Screen Shot 2014-11-20 at 13.30.30We were due some luck and it came in the lusciously dense molasses black form of Alon Porter (5%) from Negev. Metalic aromas of copper, Lebanese spices, cayenne pepper and baked black plum. The texture of velvet, pure earthy mineral expression, roasted coffee with a long dry finish. Very very good.

Maibeerovicz was last up and their Doppelbock (7.5%) was a hazy muck brown with a Kirsh nail polish remover nose. Oh no… Sour cherry, liquorice root and peach on the palate but like all three blended up and left out on a window sill for a few days in summer. Yep it was infected with something nasty.

Perhaps I fell victim to those “Holiday Booze Blues”? Where one is sorely underwhelmed or even downright disappointed with a tipple that filled you with such pleasure in a foreign land.

That said the beers I drank in Tel Aviv were quite fresh and one cannot account for randomising factors that may haunt novice brewers in a fledgling brew scene.

Besides the superb Negev and solid Hadubim here’s hoping the next time I am able to try the rest that their beers are in better shape…

Brains Craft Beer

Craft or Micro Brew is all the rage these days with smaller scale breweries popping up all over the country brewing beers of real quality and originality. Not content to be left behind Welsh brewing juggernaut Brains launched Brains Craft Beer in May 2012 and has already produced over 50 different beers! Here’s what I thought of 3 of them;

Screen Shot 2013-11-25 at 16.35.07Barry Island IPA 6% US inspired IPA made in collaboration w/ Simon Martin

Pale copper on the eye producing no real head.

Nose is sour, barley sugar, lemon, leather & cantaloupe melon.

Palate is sharp, malted sugars & bread, moreish easy drinking, lemon zest & herb finish.

Not bad at all and would happily go with garlic prawns. 6.75/10

 

Screen Shot 2013-11-25 at 16.35.28Atlantic White 6%  Belgian & US mash up producing a White IPA 

Yellow gold with good frothy head.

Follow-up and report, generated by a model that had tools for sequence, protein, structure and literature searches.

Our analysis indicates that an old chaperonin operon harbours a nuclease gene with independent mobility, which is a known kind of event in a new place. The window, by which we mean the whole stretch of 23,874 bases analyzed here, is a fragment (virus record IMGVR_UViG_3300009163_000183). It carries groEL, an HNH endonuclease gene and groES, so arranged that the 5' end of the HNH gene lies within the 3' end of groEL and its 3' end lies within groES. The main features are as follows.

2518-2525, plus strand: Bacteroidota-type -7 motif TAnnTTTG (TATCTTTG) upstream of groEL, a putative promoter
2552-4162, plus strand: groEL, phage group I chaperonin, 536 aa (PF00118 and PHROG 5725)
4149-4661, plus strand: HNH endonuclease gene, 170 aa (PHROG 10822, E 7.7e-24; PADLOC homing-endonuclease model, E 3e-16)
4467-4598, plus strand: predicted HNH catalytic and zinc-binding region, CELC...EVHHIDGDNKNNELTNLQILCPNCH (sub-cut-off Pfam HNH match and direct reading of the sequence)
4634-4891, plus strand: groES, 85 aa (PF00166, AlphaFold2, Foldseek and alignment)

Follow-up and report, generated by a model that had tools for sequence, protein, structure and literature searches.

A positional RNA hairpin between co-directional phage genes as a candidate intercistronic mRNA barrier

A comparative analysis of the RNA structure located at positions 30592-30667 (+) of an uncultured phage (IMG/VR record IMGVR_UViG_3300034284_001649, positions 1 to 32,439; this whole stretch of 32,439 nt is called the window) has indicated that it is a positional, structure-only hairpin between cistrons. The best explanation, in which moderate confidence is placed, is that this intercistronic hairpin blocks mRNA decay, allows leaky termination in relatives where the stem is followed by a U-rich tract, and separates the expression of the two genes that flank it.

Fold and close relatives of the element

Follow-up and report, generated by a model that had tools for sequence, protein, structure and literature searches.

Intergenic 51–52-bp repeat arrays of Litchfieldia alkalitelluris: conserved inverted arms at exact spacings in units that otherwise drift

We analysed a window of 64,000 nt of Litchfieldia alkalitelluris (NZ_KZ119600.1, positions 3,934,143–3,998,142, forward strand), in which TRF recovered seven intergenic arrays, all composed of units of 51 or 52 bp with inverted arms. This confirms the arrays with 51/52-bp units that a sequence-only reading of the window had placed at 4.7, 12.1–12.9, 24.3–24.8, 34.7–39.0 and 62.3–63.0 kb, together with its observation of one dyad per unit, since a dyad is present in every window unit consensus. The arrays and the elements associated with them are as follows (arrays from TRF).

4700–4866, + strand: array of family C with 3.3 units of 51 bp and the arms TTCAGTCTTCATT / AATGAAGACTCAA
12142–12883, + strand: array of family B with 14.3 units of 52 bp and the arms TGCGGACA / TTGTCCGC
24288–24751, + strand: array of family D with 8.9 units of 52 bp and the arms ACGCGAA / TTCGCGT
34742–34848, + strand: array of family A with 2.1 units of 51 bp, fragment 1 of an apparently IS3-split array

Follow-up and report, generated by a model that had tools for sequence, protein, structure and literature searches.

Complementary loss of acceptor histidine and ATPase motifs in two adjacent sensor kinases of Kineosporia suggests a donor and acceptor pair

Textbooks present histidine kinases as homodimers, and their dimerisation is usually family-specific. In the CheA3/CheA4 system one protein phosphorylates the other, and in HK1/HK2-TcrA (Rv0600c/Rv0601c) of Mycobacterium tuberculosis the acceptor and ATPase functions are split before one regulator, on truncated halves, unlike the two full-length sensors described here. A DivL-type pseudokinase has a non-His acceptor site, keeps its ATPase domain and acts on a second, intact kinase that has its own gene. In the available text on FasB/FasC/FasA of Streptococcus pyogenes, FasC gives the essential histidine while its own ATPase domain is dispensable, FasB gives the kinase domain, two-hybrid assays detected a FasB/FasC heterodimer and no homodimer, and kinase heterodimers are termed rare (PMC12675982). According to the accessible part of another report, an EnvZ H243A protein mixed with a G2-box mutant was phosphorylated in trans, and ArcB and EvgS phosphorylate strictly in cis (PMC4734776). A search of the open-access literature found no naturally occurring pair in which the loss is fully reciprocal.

Smelt herbaceous, golden syrup, sunflower and grapefruit pips.

Nutty, spicy herbs, rocket, lean and a bit soapy.

Decent. Went well with Haddock mustard & cheese fishcakes. 6.25/10

 

Screen Shot 2013-11-25 at 16.35.40The Shy Porter 4.5% A traditional brown porter w/ added coconut chips and raw cacao nibs

Rich thick foam head, hazy cola brown.

Sweet & raw chocolate nose.

Sweet coconut, sour, unbalanced, acidic, pina colada, not right.

Fairly disappointing and I actually chucked it down the sink. 3.5/10

So these bottled signs were decent(barring the very poor or perhaps faulty Shy Porter), but having tried a few more of their beers at GBBF(Great British Beer Festival) on cask, I must concede that I find Brains Craft Beer tastes like a big brewer trying very hard to produce “craft beer”. By that I mean it’s perfectly ok, but lacks real character and that artesian touch.

Postscript :

At the British Guild of Beer Writers Awards 2013 in December last year I tasted beers from Brains Contitental Beer Challenge, where they worked in collaboration with some highly regarded UK beer writers & professionals. The aim of which was to brew the best classic continental style, with most adding their own unique twist. I tried a number of them and found most of them to be of a universally high standard, but was especially impressed by the Challenge winner Rye Catcher by Glenn Payne, Brabo by Des De Moor and Three C’Son by Adrian Tierney-Jones.  Screen Shot 2014-01-13 at 12.00.27Screen Shot 2014-01-13 at 12.01.00Screen Shot 2014-01-13 at 12.01.19